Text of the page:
12:45—1:15pm Discussion

1:15—2:15pm Break

Session 3: Regional Reports
We invited six curators (three each day) to provide brief, 15-minute overviews of socially engaged art in their regions. These reports are meant as rapid-fire opportunities to consider a vast array of practices operating around the world.

Session 4: Food
CSAs, Slow Food, community gardens, organic, free-range, and an avalanche of critical food industry films that could make one’s stomach turn have ushered in a renewed interest in an obvious topic: food. The artists in this session focus not only on the politics of food industries, but also the uses of food in producing social cohesion.

5:55—6:00pm Closing Thanks - Anne Pasternak and Nato Thompson

Sun., Oct. 10

9:45am Doors Open
10:00—10:10am Opening Remarks
- Nato Thompson, Chief Curator, Creative Time

Session 1: Geographies
While the term “inter-disciplinary” does not adequately encompass this work, we find artists increasingly interested in a combination of analysis of a region as well as action within it. When viewed from the perspective of an updated geography, the aesthetics of artists’ work in space raises new, and potentially more socially pertinent questions.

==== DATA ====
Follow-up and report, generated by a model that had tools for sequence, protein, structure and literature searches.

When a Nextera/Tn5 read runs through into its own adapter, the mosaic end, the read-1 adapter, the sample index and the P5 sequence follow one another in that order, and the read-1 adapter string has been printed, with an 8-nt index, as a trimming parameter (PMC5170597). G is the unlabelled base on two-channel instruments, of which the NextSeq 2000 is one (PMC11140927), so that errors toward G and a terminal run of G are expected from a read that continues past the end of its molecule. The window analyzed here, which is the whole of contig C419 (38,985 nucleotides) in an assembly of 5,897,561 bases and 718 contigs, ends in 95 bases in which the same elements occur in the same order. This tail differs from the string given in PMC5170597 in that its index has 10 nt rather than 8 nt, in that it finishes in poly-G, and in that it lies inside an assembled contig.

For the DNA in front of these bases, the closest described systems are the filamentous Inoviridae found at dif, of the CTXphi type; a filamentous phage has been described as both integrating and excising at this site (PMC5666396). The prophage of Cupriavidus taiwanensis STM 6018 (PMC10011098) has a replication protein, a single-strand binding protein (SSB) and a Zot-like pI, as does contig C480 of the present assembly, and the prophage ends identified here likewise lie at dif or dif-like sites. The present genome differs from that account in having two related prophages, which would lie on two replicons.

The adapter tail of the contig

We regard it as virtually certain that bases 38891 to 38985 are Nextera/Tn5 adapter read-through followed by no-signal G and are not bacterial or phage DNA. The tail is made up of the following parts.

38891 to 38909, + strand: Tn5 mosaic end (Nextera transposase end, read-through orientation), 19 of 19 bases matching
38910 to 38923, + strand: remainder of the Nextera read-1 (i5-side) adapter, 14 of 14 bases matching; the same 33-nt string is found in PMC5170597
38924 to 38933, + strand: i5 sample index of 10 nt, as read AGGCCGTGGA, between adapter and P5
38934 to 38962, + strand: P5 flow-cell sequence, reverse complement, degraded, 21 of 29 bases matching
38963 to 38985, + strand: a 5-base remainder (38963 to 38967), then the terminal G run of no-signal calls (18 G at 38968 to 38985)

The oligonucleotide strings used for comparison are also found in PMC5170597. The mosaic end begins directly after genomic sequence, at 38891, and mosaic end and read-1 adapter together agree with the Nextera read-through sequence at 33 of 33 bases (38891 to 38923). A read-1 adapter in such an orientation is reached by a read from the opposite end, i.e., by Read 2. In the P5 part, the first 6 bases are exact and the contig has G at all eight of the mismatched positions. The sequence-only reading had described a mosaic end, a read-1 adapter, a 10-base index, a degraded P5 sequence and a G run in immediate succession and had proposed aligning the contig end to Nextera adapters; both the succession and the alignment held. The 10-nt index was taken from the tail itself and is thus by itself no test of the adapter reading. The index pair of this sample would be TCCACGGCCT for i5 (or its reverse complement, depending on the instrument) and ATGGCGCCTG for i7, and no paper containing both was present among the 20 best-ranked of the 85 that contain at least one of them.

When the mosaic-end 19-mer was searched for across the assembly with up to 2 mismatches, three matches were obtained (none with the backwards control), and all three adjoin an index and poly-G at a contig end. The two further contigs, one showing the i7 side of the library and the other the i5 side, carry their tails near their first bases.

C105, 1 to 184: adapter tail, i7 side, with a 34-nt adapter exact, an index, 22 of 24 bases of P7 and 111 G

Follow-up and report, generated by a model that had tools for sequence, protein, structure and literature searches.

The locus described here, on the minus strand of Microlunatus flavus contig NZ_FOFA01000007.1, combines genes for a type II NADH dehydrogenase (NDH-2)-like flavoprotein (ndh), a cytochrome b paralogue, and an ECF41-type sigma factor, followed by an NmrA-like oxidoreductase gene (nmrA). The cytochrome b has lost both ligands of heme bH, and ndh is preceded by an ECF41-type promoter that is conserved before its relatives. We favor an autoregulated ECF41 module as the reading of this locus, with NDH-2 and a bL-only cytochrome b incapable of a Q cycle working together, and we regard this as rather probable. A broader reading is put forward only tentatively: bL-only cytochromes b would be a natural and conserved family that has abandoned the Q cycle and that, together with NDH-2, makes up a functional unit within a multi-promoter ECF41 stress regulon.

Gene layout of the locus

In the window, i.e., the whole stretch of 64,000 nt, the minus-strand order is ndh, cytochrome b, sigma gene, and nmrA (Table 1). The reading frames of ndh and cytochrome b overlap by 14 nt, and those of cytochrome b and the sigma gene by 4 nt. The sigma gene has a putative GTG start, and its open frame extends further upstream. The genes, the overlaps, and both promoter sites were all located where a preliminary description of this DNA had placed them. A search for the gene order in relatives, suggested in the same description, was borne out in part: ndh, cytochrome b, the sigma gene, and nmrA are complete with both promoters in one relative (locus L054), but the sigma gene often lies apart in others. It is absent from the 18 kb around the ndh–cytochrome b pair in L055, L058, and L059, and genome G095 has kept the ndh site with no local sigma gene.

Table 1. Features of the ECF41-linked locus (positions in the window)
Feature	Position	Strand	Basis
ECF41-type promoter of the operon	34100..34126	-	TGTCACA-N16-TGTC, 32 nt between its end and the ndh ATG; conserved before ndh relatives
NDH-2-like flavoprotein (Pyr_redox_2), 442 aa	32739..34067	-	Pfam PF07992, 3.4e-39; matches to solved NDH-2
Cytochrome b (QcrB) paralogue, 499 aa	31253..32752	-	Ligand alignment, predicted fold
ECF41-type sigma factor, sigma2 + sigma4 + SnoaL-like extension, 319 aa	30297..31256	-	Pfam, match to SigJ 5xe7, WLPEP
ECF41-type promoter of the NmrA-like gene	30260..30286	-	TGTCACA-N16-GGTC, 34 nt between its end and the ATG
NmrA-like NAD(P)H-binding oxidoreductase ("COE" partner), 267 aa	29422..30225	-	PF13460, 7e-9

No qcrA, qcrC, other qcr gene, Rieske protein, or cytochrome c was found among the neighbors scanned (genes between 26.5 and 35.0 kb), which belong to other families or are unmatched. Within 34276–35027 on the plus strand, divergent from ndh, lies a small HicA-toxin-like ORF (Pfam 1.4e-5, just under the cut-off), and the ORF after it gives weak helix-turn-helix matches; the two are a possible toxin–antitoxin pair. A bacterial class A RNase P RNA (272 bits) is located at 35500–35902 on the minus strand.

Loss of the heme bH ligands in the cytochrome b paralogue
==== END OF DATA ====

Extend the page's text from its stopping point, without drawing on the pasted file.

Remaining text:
Session 2: Governments
At last year’s Creative Time Summit, the artist Laurie Jo Reynolds called for a “legislative art.” In working on reforming the policies surrounding maximum-security prisons, her political commitments forced her work to push past the gesture and toward structural change with legislative policies. The artists in this session deal with these questions from a myriad of perspectives: some antagonist, some reformist, some, even, in-office.

1:00—1:30pm Discussion

1:30—2:30pm Break

Session 3: Regional Reports
We invited six curators (three each day) to provide brief, 15-minute overviews of socially engaged art in their regions. These reports are meant as rapid-fire opportunities to consider a vast array of practices operating around the world.

Session 4: Institutions
Where does the white cube end? What are the potentialities and problematics of power congealing and functioning within spaces we call “institutions,” both in the art world and beyond? These artists reflect and consider not only the legacy of institutional critique, but more broadly, the role of artists in relation to systematized power.

Session 5: Plausible Art Worlds
Inspired by the ongoing “Plausible Artworlds” project of the Philadelphia-based collective Basekamp and theorist and writer Stephen Wright, this final session asks artists to describe their work in producing alternatives to the mainstream art world. Their work not only provides models for considering how to make and function in culture outside the capitalist art market, but also to consider one’s own line of flight for the production of dynamic cultural potentialities.

5:40—6:30pm Discussion and Closing Thoughts

View Creative Time Summit website for more information